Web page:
The definition as well as the economic viability of the most suitable development strategy of a hydrocarbon reservoir mainly depend on the quantity and type of fluids, and on well productivity. Well testing, consisting in measuring the pressure variations induced in the reservoir during hydrocarbon production, has been used to assess fluid nature and well potential for decades, especially in exploration and appraisal scenarios. Today’s industry drivers for formation evaluation methodologies demand safe, environmentally friendly, and cost effective test procedures due to more stringent environmental regulations aimed at reducing emissions of greenhouse gases and hence restricting flaring of hydrocarbons produced during a test as well as the need for reducing operating costs – even more so with current oil prices. Different methods have been proposed or resuscitated over the last years, such as wireline formation tests, closed chamber tests, production/reinjection tests, injection tests and harmonic pulse test, as viable alternatives to conventional well testing. In this paper an insight is provided on wireline formation tests, injection testing and harmonic pulse testing to illustrate how testing techniques are evolving in the oil industry. The first one is a sort of mini test of the formation. The second methodology is one of the most promising methodologies to replace traditional well testing in reservoir characterization, but it does not offer the possibility of sampling formation fluids and thus is complementary to the previous one. The third one gives the same information of a conventional test, except for initial pressure, without significantly altering field operations thus it is well suited for monitoring production and storage wells.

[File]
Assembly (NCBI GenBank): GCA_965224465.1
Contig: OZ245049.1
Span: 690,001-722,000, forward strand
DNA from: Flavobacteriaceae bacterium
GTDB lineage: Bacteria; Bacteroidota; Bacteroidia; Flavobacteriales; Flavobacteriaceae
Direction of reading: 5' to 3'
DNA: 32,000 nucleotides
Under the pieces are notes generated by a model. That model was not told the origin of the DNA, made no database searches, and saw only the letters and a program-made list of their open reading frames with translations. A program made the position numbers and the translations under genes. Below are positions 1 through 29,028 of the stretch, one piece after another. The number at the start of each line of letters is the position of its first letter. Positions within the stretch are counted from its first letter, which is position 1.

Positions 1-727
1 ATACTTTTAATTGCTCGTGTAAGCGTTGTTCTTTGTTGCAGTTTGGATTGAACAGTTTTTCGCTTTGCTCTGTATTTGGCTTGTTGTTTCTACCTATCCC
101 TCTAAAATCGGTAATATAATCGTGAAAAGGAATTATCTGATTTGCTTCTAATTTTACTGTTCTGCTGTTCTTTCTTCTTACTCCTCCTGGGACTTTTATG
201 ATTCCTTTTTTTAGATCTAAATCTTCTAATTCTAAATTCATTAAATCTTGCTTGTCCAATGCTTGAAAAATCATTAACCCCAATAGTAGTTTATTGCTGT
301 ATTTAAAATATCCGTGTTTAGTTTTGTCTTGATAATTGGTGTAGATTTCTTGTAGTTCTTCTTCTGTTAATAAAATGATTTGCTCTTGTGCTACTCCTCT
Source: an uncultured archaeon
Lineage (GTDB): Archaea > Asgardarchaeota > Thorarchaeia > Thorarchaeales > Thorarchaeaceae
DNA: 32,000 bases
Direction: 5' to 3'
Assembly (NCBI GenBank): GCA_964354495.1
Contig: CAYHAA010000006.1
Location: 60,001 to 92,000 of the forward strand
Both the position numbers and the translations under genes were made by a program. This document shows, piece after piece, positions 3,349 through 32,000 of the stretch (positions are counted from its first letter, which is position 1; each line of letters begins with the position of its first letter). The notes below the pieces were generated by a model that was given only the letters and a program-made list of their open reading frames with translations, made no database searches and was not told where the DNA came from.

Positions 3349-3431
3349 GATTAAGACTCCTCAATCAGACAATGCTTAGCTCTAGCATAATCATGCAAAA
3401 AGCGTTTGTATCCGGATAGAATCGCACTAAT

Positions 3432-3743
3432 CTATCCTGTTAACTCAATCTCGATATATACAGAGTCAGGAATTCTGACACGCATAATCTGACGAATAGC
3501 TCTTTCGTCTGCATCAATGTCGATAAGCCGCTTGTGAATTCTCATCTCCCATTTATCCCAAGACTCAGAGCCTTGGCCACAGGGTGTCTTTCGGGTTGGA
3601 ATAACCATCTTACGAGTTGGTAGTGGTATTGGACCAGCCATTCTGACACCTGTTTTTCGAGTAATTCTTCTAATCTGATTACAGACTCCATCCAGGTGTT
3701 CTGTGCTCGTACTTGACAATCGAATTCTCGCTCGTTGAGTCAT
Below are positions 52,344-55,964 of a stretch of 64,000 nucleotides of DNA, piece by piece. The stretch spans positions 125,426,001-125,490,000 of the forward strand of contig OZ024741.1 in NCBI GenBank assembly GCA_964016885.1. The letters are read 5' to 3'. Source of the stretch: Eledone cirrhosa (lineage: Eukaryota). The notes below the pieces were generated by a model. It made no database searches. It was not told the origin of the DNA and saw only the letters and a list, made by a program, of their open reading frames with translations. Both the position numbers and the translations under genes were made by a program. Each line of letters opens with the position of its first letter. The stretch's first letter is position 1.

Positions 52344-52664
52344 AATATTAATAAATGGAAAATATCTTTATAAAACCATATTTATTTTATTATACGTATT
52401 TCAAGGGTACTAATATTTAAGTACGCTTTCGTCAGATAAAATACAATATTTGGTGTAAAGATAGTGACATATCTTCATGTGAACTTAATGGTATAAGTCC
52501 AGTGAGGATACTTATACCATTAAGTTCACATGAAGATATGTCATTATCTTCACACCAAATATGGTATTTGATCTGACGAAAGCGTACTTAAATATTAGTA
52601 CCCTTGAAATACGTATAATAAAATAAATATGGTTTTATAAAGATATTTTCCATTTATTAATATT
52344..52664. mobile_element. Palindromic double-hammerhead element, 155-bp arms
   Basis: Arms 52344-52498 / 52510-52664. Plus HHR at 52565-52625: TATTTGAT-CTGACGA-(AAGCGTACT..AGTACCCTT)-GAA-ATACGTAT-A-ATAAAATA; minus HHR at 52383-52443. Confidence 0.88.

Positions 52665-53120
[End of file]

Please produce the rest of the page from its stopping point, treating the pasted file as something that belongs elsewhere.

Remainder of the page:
|Titolo:||Unconventional well testing: a brief overview|
|Data di pubblicazione:||2016|
|Appare nelle tipologie:||1.1 Articolo in rivista|